Teddy bears defeat Belarus generals

 

Two generals in Belarus have been sacked after their country was invaded by hundreds of teddy bears.

A light plane pilot from neighbouring Lithuania was able to evade the country's air defences and drop the bears decked out in parachutes and slogans supporting human rights.

Belarus president Alexander Lukashenko has now sacked the air defence chief and the head of the Border Guards service.

Originally the ex-Soviet state denied the July 4 incident happened until Mr Lukashenko called a government meeting to berate authorities for allowing a "provocation."

"Why didn't the top brass stop that flight, whom did they feel pity for?" he exclaimed.

He also reprimanded several other top security officials.

A Belarusian journalism student and an estate agent have been accused of aiding the stunt face up to seven years in prison if convicted.

Thomas Mazetti and Hannah Frey, two Swedes behind the stunt, said they wanted to show support for Belarusian human rights activists and to embarrass the country's military, a pillar of Lukashenko's power.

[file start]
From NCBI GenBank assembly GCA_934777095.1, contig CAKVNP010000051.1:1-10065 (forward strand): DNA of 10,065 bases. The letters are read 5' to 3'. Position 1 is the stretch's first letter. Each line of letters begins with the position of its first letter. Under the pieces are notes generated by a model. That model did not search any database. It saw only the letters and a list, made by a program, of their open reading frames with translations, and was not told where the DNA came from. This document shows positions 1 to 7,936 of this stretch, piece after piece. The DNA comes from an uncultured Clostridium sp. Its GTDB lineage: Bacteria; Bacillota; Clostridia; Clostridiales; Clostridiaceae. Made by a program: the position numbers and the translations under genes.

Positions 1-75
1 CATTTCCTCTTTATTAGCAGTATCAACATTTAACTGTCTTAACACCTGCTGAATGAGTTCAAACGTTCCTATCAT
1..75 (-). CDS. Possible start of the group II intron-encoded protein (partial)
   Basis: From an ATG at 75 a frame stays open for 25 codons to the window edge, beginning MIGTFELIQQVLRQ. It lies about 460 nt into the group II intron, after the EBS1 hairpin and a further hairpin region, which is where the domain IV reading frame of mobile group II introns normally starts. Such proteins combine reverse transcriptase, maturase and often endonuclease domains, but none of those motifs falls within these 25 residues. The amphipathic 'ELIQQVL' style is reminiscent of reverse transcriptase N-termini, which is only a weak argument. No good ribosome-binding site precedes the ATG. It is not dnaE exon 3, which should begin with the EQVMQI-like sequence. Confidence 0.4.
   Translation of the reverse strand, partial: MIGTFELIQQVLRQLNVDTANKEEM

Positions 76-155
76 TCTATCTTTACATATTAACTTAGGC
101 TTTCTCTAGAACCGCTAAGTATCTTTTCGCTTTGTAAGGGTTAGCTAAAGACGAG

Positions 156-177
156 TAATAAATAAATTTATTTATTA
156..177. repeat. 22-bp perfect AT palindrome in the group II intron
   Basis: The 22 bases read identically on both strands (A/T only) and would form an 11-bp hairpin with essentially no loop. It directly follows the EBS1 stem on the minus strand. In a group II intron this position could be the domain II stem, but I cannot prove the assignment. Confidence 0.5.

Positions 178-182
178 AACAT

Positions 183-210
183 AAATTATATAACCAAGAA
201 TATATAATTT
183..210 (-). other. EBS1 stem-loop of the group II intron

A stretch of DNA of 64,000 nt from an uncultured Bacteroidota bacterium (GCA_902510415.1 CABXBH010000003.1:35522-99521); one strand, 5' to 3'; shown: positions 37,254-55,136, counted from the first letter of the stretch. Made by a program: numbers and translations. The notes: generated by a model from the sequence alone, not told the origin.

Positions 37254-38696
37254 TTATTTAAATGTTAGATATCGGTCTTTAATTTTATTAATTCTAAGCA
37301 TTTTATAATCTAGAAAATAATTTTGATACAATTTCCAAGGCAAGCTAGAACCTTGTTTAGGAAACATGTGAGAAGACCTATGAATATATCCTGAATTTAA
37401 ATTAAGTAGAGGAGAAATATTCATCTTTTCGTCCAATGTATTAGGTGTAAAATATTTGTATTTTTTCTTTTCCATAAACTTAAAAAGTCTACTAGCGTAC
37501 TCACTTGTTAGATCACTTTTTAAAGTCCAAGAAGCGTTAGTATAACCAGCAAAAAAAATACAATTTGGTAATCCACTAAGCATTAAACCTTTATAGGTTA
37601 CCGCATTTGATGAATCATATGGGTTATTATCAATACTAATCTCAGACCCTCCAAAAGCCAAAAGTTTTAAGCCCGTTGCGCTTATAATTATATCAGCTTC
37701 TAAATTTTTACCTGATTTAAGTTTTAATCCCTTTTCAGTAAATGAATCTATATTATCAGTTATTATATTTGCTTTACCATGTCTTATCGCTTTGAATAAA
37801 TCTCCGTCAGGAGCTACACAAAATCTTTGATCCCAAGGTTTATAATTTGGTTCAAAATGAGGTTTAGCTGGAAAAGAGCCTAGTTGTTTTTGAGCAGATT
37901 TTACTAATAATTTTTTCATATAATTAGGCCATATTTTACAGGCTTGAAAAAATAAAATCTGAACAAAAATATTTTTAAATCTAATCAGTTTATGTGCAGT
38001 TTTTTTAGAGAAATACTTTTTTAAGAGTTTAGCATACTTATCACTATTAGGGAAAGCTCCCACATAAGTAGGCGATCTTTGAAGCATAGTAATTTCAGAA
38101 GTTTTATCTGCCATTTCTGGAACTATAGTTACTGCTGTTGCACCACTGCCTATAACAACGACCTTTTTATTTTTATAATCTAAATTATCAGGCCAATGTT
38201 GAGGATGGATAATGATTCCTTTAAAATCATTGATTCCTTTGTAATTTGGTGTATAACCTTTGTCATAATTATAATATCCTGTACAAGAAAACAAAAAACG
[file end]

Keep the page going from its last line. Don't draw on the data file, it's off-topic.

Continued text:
"Hopefully, we've made people more aware in the world and that there will be more people supporting Belarusian people," Ms Frey said.

The pair said they were inspired by similar protests staged by Belarusian activists, who have at times arranged plush toys in such a way that they appeared to be protesting the regime.

"Our campaign was a campaign in support of that. An airlift in support of the teddy bears, from teddy bears around the world," Mr Mazetti said.

Mr Lukashenko has ruled Belarus, a nation of 10 million, since 1994. He has stifled dissent and independent media, earning the nickname of "Europe's last dictator."

He also has boasted about the capabilities of a joint air defence system that Belarus has formed with Russia, saying it provides a reliable shield against purported threats from Nato.

Valery Karbalevich, an independent Minsk-based political analyst, said purging the generals might be a way to save face in front of Moscow. The Kremlin may use the incident to try to put a Russian general in charge of the joint air defence system, he said.

"It looks like Moscow is cranking up pressure and demanding an answer as to why the much-acclaimed air defence system is riddled with holes," Karbalevich said.

Anatoly Lebedko, the head of Belarus' opposition United Civil Party, warned that Lukashenko may use the incident to crack down on dissidents in the run-up to a parliamentary election next month.

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